Skip to main content

Santa Barbara Solstice Parade

By July 10, 2017No Comments

For the past 2 years we have worked with La Boheme Professional Dance Group on many events. Supplying sound, lighting, and music services to some degree or another at many of their performances.  This year they brought Islay Events on to manage the sound for their dancers and float in the 43rd Annual Santa Barbara Summer Solstice Parade.  It draws crowds of over 100,000 spectators from around the world. It has evolved into a creative and original display of floats, giant puppets, whimsical costumes and masks of more than 1,000 parade participants.*

So needless to say things needed to go perfectly smooth.

We started pre-production about 4 months prior having a meeting with Float Designer Nicky LaFluer and La Boheme Director and Choreographer Teresa Kuskey Nowak to listen to there ideas and discuss what was important for the parade from a sound and visual perspective.  There were many follow up meetings, discussions, and texts drilling down into the all of the details of the show, no matter how minor they may have seemed we needed to understand the whole picture.  By the end we had come up with a plan to provide moving audio to over 100 dancers and performers that would be spread out nearly a city block at some points.  It had to have redundancy, and and be loud and clear enough for all to hear and enjoy, but not be overbearing, and we needed to hide the speakers, power and wiring on the float.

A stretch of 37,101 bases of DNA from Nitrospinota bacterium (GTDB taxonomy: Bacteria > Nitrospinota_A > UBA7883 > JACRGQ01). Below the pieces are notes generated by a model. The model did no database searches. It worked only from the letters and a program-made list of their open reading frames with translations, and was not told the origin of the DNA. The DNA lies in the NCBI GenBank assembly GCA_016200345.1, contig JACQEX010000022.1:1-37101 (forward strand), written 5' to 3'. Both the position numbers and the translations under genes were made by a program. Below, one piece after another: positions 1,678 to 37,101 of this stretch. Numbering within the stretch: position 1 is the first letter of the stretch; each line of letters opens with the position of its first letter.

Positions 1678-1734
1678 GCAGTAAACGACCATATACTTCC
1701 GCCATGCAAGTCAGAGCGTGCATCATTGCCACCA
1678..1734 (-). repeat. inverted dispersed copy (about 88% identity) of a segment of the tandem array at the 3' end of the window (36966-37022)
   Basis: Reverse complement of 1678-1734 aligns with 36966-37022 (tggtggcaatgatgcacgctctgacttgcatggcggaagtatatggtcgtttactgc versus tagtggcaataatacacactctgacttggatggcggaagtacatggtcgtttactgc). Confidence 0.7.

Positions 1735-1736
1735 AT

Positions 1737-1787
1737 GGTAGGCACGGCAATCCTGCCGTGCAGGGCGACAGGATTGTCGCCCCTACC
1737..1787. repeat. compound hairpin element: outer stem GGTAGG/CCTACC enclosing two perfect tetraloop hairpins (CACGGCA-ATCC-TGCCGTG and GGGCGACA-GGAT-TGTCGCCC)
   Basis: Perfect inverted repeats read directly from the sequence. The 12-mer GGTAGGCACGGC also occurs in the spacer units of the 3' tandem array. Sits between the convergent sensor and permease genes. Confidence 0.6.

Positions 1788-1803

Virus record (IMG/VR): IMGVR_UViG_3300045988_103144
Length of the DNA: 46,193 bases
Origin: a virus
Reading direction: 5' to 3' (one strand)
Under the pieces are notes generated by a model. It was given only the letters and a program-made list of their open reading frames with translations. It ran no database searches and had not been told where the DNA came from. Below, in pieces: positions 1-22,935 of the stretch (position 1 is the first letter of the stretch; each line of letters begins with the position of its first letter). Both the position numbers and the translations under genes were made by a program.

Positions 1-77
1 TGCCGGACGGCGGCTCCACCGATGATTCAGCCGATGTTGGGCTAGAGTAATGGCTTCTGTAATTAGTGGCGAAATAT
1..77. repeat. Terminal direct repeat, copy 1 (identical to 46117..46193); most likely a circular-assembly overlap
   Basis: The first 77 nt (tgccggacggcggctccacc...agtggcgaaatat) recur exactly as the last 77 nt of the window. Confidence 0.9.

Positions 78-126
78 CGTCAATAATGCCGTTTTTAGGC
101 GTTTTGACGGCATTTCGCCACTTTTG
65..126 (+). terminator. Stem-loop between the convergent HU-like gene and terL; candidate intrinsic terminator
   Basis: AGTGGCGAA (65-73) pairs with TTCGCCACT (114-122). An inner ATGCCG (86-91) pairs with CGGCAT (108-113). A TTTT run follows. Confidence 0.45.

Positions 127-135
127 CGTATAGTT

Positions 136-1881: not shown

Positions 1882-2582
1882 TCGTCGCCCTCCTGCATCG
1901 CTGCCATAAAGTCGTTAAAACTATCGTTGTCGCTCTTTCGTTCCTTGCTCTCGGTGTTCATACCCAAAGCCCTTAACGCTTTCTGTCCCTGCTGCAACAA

We spent time at rehearsals measuring spacing and listing to the music choices.  We had several meeting with Nicky to look at float designs and talk how to hide the components, even as the float was being built we would stop and check on sizing and how cables would be run.  How much weight we wold be adding was important, (Only human power can be used to push the floats…uphill).  After all these considerations we settled on a plan.  We chose QSC K12’s for mains on the float and a remote cart.  QSC K8’s were used as monitors for DJ Darla Bea as well as on the back side of the float for secondary performers to hear their music Q’s.  Shure Wireless was used for transmitting to the remote cart and for a wireless handheld for Darla to do shout outs to the crowd. We mixed it all on a trusty Mackie 1204 mixer and Honda 2000 generators were used to power the systems smoothly and quietly.

Close Menu